Fathi Hassan was born in Cairo in 1957 to Nubian and Egyptian parents. His family were forced to leave their homeland of Nubia when the Aswan High Dam was built in 1952, flooding a vast area now under Lake Nasser. Whether in photographs, paintings, installations, drawings or, often, directly on walls, his texts are deliberately illegible intended to highlight the plight of lost languages and oral history as a result of colonial domination.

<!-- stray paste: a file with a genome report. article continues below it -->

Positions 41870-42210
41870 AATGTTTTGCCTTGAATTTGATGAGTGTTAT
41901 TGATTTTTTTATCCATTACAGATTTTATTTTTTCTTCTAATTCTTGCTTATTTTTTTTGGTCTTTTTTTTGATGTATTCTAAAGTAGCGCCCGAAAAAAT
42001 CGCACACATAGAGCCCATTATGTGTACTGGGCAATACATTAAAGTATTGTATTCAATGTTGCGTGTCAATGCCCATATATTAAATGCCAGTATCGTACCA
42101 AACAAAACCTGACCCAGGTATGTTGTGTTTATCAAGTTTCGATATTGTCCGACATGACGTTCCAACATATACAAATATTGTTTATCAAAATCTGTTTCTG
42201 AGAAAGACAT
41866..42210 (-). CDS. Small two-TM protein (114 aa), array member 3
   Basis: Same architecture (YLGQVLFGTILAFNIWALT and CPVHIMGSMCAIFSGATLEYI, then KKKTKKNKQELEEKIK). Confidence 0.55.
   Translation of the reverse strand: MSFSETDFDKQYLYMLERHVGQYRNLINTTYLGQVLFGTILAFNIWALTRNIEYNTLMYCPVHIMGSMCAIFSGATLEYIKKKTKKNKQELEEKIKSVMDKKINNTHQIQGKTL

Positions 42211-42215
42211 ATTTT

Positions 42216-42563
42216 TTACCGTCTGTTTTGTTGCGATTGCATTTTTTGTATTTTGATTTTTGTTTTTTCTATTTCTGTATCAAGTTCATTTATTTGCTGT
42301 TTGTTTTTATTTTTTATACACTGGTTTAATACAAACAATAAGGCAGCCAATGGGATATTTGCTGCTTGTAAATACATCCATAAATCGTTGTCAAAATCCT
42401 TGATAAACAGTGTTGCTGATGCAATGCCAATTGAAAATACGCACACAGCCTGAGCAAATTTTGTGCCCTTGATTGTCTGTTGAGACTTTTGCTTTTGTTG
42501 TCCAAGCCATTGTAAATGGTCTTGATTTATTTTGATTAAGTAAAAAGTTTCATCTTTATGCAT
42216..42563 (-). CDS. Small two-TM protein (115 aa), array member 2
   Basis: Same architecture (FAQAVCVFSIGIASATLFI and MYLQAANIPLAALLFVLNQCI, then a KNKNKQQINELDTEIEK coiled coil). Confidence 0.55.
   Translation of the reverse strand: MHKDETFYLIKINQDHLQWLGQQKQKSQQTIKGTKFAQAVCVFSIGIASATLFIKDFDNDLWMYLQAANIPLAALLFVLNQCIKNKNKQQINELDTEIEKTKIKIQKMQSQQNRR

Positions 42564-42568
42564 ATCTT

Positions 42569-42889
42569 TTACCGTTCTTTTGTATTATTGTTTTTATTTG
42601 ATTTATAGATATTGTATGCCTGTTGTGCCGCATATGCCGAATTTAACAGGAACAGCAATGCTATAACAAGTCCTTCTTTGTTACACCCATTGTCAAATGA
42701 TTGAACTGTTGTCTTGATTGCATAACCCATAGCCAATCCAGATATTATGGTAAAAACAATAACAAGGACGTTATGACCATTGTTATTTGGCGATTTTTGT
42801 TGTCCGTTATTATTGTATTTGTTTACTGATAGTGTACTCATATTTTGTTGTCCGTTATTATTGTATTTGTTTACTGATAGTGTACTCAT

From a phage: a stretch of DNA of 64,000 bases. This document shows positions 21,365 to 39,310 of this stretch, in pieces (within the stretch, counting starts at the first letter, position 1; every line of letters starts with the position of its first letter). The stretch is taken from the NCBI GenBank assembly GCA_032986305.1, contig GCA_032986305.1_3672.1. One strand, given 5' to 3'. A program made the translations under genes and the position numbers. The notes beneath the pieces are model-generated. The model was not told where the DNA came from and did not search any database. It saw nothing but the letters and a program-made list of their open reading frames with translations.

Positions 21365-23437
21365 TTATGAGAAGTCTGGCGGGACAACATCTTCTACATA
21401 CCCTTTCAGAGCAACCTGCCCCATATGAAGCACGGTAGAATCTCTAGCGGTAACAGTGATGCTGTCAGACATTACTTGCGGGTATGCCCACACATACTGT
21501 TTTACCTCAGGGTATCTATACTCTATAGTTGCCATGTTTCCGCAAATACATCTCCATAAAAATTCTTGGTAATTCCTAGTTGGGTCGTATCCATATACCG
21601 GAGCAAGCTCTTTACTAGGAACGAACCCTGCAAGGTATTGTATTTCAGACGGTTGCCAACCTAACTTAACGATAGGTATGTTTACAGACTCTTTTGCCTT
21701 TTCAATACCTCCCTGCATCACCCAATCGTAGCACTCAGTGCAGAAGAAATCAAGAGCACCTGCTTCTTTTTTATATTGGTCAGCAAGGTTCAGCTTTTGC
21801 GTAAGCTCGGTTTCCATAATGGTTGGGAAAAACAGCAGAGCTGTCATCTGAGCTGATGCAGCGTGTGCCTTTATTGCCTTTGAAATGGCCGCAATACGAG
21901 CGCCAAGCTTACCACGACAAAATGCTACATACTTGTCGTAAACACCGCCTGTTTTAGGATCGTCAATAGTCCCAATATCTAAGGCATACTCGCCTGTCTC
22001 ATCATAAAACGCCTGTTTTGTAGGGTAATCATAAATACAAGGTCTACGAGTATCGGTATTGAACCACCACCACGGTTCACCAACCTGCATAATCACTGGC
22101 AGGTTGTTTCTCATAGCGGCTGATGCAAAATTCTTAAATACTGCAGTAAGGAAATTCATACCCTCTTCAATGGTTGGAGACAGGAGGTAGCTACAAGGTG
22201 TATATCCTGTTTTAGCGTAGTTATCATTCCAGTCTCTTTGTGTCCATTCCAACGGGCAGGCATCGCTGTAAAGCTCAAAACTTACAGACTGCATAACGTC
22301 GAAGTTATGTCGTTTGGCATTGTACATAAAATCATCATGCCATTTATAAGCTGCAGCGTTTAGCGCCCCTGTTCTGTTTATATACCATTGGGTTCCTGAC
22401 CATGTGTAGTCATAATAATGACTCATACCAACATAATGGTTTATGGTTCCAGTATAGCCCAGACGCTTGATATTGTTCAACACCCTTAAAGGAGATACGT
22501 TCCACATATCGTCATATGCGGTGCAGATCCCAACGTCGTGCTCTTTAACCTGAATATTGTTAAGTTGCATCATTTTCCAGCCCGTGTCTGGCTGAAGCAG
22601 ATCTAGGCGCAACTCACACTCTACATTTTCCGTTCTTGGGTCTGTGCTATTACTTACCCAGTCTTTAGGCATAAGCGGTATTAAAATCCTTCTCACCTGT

With invented Kufic-inspired scripts, he plays with the symbols, textures and calligraphy of his Nubian heritage to explore the space between graphic symbolism and literal meaning in vibrant colours and collage. Forms are often given to these texts which can become as important as the text itself.
His work is in the permanent collection of the Victoria and Albert Museum and the British Museum, London and the Smithsonian National Museum of African Art, Washington DC and Farjam Collections among many others.